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Visually Impaired Transcript for Vision Lab Video (back to news story)

VISUAL: Music plays as we fade in on a young woman woman sitting on a couch in a brightly lit room. A bowl of fruit rests on the table in front of her. The fruit looks spoiled. We hear her thoughts out loud.

Woman: I wish that this fruit didn't look so bad …

VISUAL: As she views the fruit, its color suddenly changes to something very appealing. She grabs a strawberry and eats it.

Woman: Wow! I must be daydreaming. There's nothing wrong with this fruit.

VISUAL: Cut to a mirror on the wall. As the looks in the mirror, she is shocked by the dull look of her red hat.

Woman: Time to go. A quick touchup in the mirror and … Oh my gosh! What happened to my hat?

VISUAL: Suddenly, the lighting changes and makes her hat appear more vivid.

Woman: Wait a second … my hat looks fine now. Am I losing my mind?

VISUAL: Woman looks around room with a confused and spooked look on her face, trying to figure out what has been happening. Cut to her walking out the front door of a house.

Narrator (Voice Over Video): THE YOUNG WOMAN WE'VE BEEN WATCHING IS NOT GOING CRAZY. HER REACTIONS ARE HELPING PROVE A POINT: CHANGES IN LIGHTING AFFECT THE WAY WE PERCEIVE THE COLORS IN THE WORLD AROUND US.

VISUAL: Dissolve to a collage of everyday life scenes where lighting conditions affect perception of color.

BUT WHY AND HOW DOES THIS HAPPEN? AND MORE IMPORTANTLY, HOW CAN WE USE THE PROPERTIES OF LIGHT TO BETTER SERVE US?

VISUAL:  Dissolve to shot of NIST Spectrally Tunable Lighting Facility (STLF) as Wendy Davis and colleague arrange fruit on a plate and adjust the room's furniture.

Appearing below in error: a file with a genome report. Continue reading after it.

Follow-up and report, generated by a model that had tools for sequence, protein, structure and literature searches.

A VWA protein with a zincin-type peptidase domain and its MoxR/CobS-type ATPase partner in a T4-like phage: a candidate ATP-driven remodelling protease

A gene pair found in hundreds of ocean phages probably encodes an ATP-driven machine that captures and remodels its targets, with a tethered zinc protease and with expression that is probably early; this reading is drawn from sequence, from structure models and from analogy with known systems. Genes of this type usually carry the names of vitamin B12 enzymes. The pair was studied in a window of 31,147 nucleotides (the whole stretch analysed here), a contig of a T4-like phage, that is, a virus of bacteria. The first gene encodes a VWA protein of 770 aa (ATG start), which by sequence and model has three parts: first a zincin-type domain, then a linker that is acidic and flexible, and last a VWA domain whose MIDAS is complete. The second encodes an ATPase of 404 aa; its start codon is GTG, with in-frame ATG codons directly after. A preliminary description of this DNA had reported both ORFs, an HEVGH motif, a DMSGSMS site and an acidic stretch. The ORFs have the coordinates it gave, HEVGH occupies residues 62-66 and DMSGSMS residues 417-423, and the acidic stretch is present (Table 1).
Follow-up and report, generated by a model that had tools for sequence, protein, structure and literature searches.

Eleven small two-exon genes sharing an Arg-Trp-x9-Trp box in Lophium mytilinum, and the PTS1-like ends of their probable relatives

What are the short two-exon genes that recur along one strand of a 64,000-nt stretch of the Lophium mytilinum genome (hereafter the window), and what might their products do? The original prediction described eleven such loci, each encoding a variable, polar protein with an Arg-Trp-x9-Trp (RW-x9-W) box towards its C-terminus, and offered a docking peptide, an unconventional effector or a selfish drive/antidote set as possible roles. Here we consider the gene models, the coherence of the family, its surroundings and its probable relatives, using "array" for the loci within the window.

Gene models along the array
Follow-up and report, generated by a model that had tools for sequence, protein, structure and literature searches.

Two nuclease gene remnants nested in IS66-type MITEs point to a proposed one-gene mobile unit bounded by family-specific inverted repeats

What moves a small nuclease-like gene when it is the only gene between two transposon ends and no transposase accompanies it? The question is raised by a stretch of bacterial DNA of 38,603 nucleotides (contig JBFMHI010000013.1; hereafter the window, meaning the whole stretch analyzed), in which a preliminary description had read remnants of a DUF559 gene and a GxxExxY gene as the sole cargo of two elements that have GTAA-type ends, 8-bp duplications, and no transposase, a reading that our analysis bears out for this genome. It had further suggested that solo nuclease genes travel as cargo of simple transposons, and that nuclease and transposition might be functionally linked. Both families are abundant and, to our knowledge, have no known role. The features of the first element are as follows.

VISUAL: Cut to shot from below of a row of lights in STLF as Davis and colleague work on nearby equipment.

THANKS TO A UNIQUE LABORATORY AT THE NATIONAL INSTITUTE OF STANDARDS AND TECHNOLOGY … RESEARCHERS ARE HELPING ILLUMINATE THE ONCE-DIMLY UNDERSTOOD SCIENCE OF LIGHT .

VISUAL: Wendy Davis on camera. ID in lower third: Wendy Davis NIST Vision Scientist

Wendy Davis (on camera): "The spectrally tunable lighting facility we have here at our lab in NIST is the only one of its kind, really, in the world. We can use it to create virtually any light source spectrum we can dream up, and because of that, we can test out how a light source would behave as far as object, color, or any other properties…"

VISUAL: Cut to medium shot of a scientist adjusting objects in the STLF.

Davis (Voiceover): "…By doing this testing, we can really save manufacturers the effort of having to produce the light source that may or may not behave as they want."

VISUAL: Cut to shots of lab rooms as researchers enter with ladder. One adjusts LED lights in track in ceiling while the other holds the ladder.

Narrator (Voice Over Video): THE NIST VISION SCIENCE LAB CONSISTS OF TWO FURNISHED ROOMS … EACH POSITIONED UNDER A BANK OF 18-HUNDRED HIGH-POWER LIGHT EMITTING DIODES … OR L-E-Ds.

VISUAL:  Cut to medium shot of LED lights in ceiling as cover is put back in place.

VISUAL: Cut to wide shot of Davis operating the LED lighting panel controls. The ambient light changes color dramatically.

Narrator (Voice Over Video): COMPUTER CONTROL ALLOWS NIST RESEARCHERS TO FINE TUNE THE L-E-D ILLUMINATION … MAKING IT POSSIBLE TO SIMULATE NEARLY ANY LIGHTING ENVIRONMENT WITHIN THE VISIBLE SPECTRUM.